The inspiration for this story was an experience I had last week whilst attempting to shop for new jeans. For years I've been buying jeans from Fashion Bug, who have sold straight-leg, normal, plain-old jean jeans. That era has ended, however, as now they seem to have moved to this silly 'Right Fit' brand of all stretch jeans, all the time.
I do not wear stretch jeans. I will never wear stretch jeans. The very idea of lying down on my bed to get into my pants is repulsive to me. I don't even wear pants with elastic waistbands. I've been spoiled all these years by having the ability to walk into the store, go, "I'll take one of these, one of those, and a black pair, just because," buying them, and walking out. It got to the point where I didn't even really have to try them on any longer, but I usually did, just to be certain.
Now I'll be hitting Goodwill stores and shopping in mens' sections of department stores for my jeans, because, let's face it: clothing manufacturers are insane. "This is what real women want!" Well, I guess I'm a three-toed sloth from the jungle, then, 'cos no way.
Ahem. Anyhow. I guess that rant still needed to get out of my system. The story doesn't focus on jeans, at least not yet. I wonder if I can make it hinge on wearing or not wearing a particular kind of blue jeans. Hm.
Here's a taste:
"Now, how do I find my way around?" She turned idly through the guidebook's pages, frowning. In her own time, she could easily have found the information by verbally querying the net or tapping her request into her wearable, but this book thing was dangerously antique. She remembered that when documents were still regularly printed out onto paper, they usually contained a list of their contents... "Table of Contents!" she said, elated with her recollection of the term. A postman walking by gave her a glance as he passed, and she realised how loud she'd been, gave him what she hoped was a disarming smile.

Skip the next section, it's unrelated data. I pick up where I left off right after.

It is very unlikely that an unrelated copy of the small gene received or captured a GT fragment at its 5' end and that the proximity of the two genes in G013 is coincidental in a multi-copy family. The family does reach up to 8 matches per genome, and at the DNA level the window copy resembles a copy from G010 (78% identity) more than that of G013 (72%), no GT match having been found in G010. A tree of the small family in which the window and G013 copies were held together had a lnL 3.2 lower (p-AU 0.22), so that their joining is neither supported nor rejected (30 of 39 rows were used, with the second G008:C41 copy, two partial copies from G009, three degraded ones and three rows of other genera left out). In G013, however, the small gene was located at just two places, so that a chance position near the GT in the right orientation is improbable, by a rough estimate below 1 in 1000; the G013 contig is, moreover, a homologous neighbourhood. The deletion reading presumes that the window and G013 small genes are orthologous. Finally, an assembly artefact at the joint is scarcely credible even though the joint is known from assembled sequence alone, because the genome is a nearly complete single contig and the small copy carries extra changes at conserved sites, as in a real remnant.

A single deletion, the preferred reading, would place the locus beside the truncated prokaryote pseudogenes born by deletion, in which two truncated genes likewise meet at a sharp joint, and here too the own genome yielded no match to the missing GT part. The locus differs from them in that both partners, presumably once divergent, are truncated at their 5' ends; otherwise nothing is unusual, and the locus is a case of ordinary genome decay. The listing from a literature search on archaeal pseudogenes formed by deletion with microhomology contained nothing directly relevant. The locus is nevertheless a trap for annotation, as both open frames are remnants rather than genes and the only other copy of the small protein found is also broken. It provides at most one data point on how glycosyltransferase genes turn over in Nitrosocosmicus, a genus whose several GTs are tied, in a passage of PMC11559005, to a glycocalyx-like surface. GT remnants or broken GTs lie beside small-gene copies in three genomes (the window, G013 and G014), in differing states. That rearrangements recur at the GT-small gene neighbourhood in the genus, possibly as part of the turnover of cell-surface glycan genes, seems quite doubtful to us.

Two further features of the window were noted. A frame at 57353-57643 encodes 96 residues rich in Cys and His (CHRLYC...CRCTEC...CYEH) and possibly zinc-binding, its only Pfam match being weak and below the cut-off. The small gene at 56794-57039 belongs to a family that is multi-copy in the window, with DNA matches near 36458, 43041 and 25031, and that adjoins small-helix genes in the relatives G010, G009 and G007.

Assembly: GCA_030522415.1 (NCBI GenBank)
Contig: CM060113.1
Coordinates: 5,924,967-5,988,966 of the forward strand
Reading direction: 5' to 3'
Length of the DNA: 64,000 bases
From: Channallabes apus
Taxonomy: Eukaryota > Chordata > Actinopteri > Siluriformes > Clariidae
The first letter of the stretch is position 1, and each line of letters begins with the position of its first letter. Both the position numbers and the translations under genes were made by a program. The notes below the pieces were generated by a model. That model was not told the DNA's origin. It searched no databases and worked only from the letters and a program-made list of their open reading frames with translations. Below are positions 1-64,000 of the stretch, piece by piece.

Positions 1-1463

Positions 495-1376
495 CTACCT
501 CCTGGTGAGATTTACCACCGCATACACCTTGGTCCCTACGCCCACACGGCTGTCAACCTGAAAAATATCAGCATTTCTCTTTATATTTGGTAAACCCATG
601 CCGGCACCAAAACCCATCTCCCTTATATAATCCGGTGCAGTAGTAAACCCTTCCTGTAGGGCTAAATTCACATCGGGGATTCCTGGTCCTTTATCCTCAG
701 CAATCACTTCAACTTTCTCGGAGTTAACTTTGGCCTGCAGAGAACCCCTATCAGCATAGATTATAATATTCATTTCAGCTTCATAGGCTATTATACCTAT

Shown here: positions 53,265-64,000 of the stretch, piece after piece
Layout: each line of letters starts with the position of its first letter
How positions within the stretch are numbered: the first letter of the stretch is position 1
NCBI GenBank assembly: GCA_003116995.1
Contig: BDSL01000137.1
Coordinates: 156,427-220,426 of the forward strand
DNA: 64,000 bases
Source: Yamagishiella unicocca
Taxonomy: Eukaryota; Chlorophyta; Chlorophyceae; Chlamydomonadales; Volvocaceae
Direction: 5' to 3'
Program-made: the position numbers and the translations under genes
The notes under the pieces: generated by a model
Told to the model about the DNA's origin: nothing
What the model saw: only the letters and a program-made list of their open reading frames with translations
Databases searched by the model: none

The table of contents revealed a map section, and though this was nothing like the scalable, draggable, zoomable maps of her own time, it served the purpose well enough, once she restrained the urge to touch its surface to navigate it. Grumbling about backwards backwaters, Samantha looked to a open-walled shelter a ways down the sidewalk. "Bus stop," she read from the map. She had to cross-reference it, which took another couple of minutes. "'Conveyance common in cities.' Huh. 'Requires a pass or physical currency.' Nuts." She dug in her shoulder bag and found a smaller pouch within. The black and pink paisleys decorating its surface were repulsive, but the pouch contained some printed paper slips and round bits of metal with faces and words stamped on them. "Physical currency," Samantha said to herself. "I have no idea how much this is." The guide had a description of the coins, but she saw a long, dirty wheeled vehicle approach the shelter, grinding and hissing to a stop. Near its front, a pair of doors folded open. "No time," she muttered, clutching her belongings to her and racing for the stop.